Ryan David of WeBuyHousesInPennsylvania.com: “Know your market”

Know your market. By that I mean, educate yourself on your local area. Spend time studying property values. What’s the market value of a property that needs a complete renovation? What’s the same property worth once it has been completely remodeled? This is critical knowledge. A buyer cannot afford to overspend. Purchases must be made wisely. […]

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Know your market. By that I mean, educate yourself on your local area. Spend time studying property values. What’s the market value of a property that needs a complete renovation? What’s the same property worth once it has been completely remodeled? This is critical knowledge. A buyer cannot afford to overspend. Purchases must be made wisely.

Shows like Flip or Flop and Fixer Upper with Chip and Joanna Gaines have really glamorized the creativity and enjoyment that comes with buying a rundown home, fixing it, and then selling it for a profit. Some amateurs have ventured into this industry and have made a lucrative career out of it. But others, particularly when a market is stagnant, have lost their shirts. As a part of my series about the ‘5 Things You Need To Know To Create A Successful Career Buying, Rehabbing, and Selling Properties’, I had the pleasure of interviewing Ryan David.

He’s a real estate investor, businessman, and founded https://www.WeBuyHousesInPennsylvania.com, a cash home buying business helping the good people of northeastern PA. He serves on the board of directions for his local Real Estate Investors Association advocating to better educate the public and loves working with the people of the community. His wealth of experience in real estate provides winning solutions to those in need.

Thank you so much for doing this with us! Can you tell us the “backstory” about what brought you to the Real Estate industry?

I had been laid off twice and was on the verge of it happening a third time. It was very discouraging. I had a family to support, was nearly broke, and had no direction in my life. About this same time, my brother-in-law gave me a book that ended up changing my life. I read Rich Dad Poor Dad by Robert Kiyosaki and its nearly 300 pages in a matter of days. It was at that time I realized I’m at my best when I’m helping people. It’s always been a passion of mine. At that moment, I set my heart on creating a real estate business that would serve others and at the same time provide me with the sense of fulfillment I had been lacking

Can you share with our readers the most interesting or amusing story that occurred to you in your career so far? Can you share the lesson or take away you took out of that story?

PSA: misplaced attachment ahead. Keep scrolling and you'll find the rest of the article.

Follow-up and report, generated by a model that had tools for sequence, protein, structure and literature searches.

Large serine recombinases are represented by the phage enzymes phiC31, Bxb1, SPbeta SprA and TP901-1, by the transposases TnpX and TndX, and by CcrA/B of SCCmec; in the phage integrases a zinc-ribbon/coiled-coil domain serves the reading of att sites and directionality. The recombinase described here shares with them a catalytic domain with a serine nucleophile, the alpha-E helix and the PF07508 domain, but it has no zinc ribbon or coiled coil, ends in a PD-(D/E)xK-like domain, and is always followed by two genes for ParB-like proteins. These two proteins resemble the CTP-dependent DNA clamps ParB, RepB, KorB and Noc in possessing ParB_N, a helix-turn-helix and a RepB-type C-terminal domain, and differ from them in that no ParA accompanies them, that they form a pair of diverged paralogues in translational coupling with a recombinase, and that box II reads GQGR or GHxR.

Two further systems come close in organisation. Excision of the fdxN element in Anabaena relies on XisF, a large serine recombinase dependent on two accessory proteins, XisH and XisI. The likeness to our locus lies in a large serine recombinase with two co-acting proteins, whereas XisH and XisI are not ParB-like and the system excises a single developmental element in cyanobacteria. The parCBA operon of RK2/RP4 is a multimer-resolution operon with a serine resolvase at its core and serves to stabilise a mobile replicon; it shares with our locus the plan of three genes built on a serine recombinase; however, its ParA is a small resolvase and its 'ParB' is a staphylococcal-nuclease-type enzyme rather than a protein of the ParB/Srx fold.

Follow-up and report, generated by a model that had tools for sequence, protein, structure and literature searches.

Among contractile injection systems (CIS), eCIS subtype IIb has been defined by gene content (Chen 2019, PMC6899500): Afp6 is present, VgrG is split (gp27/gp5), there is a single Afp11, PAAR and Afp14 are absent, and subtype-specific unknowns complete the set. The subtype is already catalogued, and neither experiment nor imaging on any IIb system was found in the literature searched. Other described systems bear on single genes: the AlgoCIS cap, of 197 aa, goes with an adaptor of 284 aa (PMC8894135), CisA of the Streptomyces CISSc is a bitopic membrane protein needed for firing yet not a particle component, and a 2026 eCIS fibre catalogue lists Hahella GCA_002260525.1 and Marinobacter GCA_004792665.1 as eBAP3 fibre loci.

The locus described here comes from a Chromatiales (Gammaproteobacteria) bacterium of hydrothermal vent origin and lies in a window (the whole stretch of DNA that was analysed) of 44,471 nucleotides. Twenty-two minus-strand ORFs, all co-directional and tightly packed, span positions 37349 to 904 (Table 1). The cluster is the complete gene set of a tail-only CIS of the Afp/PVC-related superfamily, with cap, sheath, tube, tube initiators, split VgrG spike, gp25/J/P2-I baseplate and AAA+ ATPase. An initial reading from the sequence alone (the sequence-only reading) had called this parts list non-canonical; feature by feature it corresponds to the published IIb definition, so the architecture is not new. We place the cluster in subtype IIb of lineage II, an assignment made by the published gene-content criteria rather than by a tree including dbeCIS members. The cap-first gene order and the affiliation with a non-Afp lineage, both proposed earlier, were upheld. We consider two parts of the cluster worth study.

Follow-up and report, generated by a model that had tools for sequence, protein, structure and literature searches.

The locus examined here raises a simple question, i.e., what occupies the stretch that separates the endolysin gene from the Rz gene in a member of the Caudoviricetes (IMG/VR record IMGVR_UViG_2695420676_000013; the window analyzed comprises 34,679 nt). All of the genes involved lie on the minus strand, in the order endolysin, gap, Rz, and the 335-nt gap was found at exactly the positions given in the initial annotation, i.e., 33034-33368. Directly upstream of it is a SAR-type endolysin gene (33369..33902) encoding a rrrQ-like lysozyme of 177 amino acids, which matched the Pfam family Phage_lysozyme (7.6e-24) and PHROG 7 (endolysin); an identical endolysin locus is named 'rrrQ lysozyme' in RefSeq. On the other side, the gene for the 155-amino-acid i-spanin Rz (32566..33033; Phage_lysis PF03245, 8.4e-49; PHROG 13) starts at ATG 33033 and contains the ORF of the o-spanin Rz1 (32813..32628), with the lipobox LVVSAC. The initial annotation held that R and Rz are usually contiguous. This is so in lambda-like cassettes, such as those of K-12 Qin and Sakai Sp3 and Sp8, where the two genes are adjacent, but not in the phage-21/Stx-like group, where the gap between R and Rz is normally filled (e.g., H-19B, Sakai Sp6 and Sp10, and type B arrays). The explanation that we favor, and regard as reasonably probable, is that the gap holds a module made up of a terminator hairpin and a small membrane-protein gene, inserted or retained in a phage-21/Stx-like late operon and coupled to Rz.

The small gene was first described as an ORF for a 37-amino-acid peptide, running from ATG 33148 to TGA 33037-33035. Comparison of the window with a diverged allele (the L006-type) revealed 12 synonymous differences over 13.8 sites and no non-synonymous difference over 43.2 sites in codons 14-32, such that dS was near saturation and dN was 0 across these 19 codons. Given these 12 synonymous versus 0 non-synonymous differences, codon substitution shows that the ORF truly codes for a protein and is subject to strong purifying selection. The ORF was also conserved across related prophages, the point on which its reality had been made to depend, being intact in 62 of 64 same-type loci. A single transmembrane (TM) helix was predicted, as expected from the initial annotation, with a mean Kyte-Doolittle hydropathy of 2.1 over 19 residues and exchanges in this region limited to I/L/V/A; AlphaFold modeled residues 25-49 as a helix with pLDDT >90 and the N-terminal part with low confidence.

You’ll find this amusing. During the contract negotiation for the sale of one of my flips, the buyers requested the house cat be included. That totally surprised me. I did end up including the cat in the sale, but it taught me never to overlook even the smallest details during negotiations. I still can’t believe that cat helped me to close a deal!

On a more serious note, earlier in my career, I was selling a property by means of a double close. The real estate attorney I was working with made a mistake and sent the closing documents to the original owner before we closed the deal. This meant the original owner knew the exact price I was going to flip the property for. The whole point of a double close is to prevent this from happening. When I told my attorney he jeopardized the transaction by sharing sensitive information to the wrong individual, he said he doesn’t like doing double closes, and he quit. Thankfully, I was able to find another attorney to complete the transaction. I learned the important lesson not to work with just anyone. It is fundamentally important to interview any professional you wish to work with to ensure they understand your goals and objectives.

Do you have a favorite “life lesson quote”? Can you share a story or example of how that was relevant to you in your life?

My life quote is “Always deal hard, never deal sharp.” If you let others take advantage of you, then you’re doing yourself a disservice and you won’t get very far. At the same time, no matter what situation I’m involved in, it’s paramount to keep in mind never to take advantage of others or take more than what is considered fair. It’s a principle that has served my career well. The most important asset a business owner can have is not money, it’s credibility and integrity.